Friday Evening with Cocoa Runners

Yep it was another tough one. My Friday evening was spent with the amazing Cocoa Runners who introduced the West London Wine School team to an amazing range of artisan chocolates.

I love chocolate, and I thought I was onto some good blocks which regularly include Green and Blacks and Lindt. Little did I know that I had been missing out on some delights that knock these better known brands right out of the park.

What makes the Cocoa Runners range different to your average bar of chocolate, are quite a few things. Firstly, they source many of their bars directly from small producers who are solely focused on quality. These producers invest a lot of time and also money on production, to enhance the flavours and aromas from their quality cocoa beans. Some even have cameras in the jungle where their beans are growing, so they can provide guidance to the local workers throughout the production.

Climate, harvest times, bean selection, fermentation temperature, drying methods, roasting temperature, conching and grinding (love that phrase), and tempering all influence how the chocolate will feel, smell and taste. Who knew that chocolates had vintage variation? I was skeptical at first about just how different chocolates could actually be. But after sampling some that we fudgy, others more vegetal and herbal, smokey (through burning fires to dry out the beans) or floral, I am a complete convert.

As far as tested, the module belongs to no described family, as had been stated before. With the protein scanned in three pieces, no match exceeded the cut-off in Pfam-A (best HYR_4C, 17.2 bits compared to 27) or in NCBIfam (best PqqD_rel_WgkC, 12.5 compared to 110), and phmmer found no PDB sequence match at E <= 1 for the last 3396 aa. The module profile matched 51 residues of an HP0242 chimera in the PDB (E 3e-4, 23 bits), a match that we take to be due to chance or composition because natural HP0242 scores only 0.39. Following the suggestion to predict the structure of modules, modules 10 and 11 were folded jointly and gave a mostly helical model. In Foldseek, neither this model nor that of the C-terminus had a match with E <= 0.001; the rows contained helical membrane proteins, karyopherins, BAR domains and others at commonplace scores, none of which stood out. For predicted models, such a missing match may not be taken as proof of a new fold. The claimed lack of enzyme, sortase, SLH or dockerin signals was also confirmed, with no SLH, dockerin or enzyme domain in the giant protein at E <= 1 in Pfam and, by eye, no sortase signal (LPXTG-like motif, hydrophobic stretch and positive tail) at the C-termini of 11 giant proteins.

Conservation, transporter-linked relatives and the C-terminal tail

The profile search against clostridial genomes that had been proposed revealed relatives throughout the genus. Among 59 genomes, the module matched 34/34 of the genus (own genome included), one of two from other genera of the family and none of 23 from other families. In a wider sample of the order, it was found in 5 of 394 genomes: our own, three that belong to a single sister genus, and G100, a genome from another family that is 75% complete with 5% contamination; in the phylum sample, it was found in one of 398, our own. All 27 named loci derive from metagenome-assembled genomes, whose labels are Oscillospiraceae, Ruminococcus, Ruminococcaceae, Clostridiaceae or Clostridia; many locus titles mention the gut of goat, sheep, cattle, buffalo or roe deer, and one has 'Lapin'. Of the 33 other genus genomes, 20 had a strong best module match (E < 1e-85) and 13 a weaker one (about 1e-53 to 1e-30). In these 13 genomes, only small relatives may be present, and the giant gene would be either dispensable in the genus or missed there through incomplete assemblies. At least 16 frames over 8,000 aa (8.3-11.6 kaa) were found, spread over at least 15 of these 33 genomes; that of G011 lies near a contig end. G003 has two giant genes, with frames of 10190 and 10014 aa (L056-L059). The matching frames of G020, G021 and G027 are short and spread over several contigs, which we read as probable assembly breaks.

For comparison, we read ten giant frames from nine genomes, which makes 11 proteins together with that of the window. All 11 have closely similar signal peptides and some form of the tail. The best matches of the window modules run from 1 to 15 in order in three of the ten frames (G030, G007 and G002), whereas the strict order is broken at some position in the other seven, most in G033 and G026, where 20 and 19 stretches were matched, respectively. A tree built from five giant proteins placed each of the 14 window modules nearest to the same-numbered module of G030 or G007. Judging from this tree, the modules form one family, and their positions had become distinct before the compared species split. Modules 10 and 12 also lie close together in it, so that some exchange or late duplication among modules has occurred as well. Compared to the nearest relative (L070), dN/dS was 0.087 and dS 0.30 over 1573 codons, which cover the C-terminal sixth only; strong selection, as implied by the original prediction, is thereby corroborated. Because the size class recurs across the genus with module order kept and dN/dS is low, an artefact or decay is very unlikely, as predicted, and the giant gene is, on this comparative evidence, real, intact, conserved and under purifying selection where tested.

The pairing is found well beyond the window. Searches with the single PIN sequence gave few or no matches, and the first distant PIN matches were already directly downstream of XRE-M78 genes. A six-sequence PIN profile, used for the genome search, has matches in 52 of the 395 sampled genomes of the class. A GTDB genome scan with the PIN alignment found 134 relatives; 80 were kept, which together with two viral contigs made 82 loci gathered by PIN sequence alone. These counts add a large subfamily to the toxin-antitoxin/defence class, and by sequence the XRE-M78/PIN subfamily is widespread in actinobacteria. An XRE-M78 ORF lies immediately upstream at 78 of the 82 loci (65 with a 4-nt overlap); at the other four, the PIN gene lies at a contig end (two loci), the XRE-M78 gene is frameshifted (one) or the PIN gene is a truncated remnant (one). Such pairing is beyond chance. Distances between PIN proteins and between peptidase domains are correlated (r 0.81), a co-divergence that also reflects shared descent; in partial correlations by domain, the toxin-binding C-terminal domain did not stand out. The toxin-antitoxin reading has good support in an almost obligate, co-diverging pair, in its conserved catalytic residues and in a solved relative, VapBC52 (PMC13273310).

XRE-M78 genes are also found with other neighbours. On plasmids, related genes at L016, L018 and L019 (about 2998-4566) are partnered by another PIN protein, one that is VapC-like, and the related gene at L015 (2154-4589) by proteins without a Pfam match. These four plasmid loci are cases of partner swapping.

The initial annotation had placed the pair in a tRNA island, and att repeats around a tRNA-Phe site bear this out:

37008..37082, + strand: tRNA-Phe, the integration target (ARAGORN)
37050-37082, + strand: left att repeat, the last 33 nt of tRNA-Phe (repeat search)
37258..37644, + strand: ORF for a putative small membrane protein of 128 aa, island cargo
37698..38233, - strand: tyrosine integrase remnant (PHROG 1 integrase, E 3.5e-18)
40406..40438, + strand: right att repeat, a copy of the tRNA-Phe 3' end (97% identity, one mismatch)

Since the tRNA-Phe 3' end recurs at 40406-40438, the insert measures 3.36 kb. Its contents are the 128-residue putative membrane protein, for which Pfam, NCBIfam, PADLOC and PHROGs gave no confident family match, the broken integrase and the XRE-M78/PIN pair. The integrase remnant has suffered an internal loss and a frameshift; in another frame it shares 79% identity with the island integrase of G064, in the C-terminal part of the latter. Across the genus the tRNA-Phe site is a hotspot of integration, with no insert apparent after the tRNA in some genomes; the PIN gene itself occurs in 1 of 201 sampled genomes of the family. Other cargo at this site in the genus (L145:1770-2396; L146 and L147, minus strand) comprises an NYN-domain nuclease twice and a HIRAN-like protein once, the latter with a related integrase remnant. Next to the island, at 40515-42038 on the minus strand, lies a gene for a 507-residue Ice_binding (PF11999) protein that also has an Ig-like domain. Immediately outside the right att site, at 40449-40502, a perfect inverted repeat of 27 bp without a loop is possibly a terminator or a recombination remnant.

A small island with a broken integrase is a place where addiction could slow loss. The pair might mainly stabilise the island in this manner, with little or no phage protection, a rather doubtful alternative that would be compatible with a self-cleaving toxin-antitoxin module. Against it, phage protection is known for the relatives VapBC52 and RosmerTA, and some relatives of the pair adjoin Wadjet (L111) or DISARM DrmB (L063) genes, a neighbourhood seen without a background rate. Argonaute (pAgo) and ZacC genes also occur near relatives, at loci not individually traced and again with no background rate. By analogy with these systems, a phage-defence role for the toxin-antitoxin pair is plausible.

After munching our way through copious amounts of chocolate I was buzzing! And hopping in an Uber for a speedy drive through the streets of London wasn’t the most pleasant experience. But I am still buzzed by this delicious chocolate world and how it has so many similarities with wine in terms of production, taste and variety.

Check out Cocoa Runners selection and story here: You can even take up a monthly subscription and get quality chocolate delivered to your door.

And keep your eyes peeled for our chocolate and wine pairing masterclasses at West London Wine School which will be live in the early Autumn.

Click on the pics below for more details.

Chateau de Beaucastel

Chateau de Beaucastel can be found in the north-east of Chateauneuf-du-Pape, where their 100 hectares of goblet trained vines stand in the sun-baked, galet covered soils. Evidence of the chateau dates back to 1549 and to this day has been family owned and operated.

Beaucastel farm organically, and have for many years, with a push towards biodynamics. They have never taken the easy option in terms of vine management, or winemaking processes. And their experience, strong values and hard work all shine through in the quality and beauty of their wines.

As we were taken through the winery, it was incredible to see the precision of processes, cleanliness of environment, and beauty of the space. If I was a grape, I would love for my conversion to juice and wine to take place there.

If you were thinking of visiting Beaucastel, you may be out of luck. They unfortunately aren’t open to the public and only take in a few pre-arranged visits each year. Basically they are too busy producing great wine. However you can experience their wines, which are available in the UK, at Berry Brothers or Seckford Wines. If quality smooth, sumptuous reds or textured and layered whites are your tipple, then sampling Beaucastel is essential.

Please click on the pictures below for more details:

Exploring Italy – Corvina

For week two of our discover Italy course we were off to the north-east of this wonderous country, mainly focusing our attentions on and around the region of Veneto.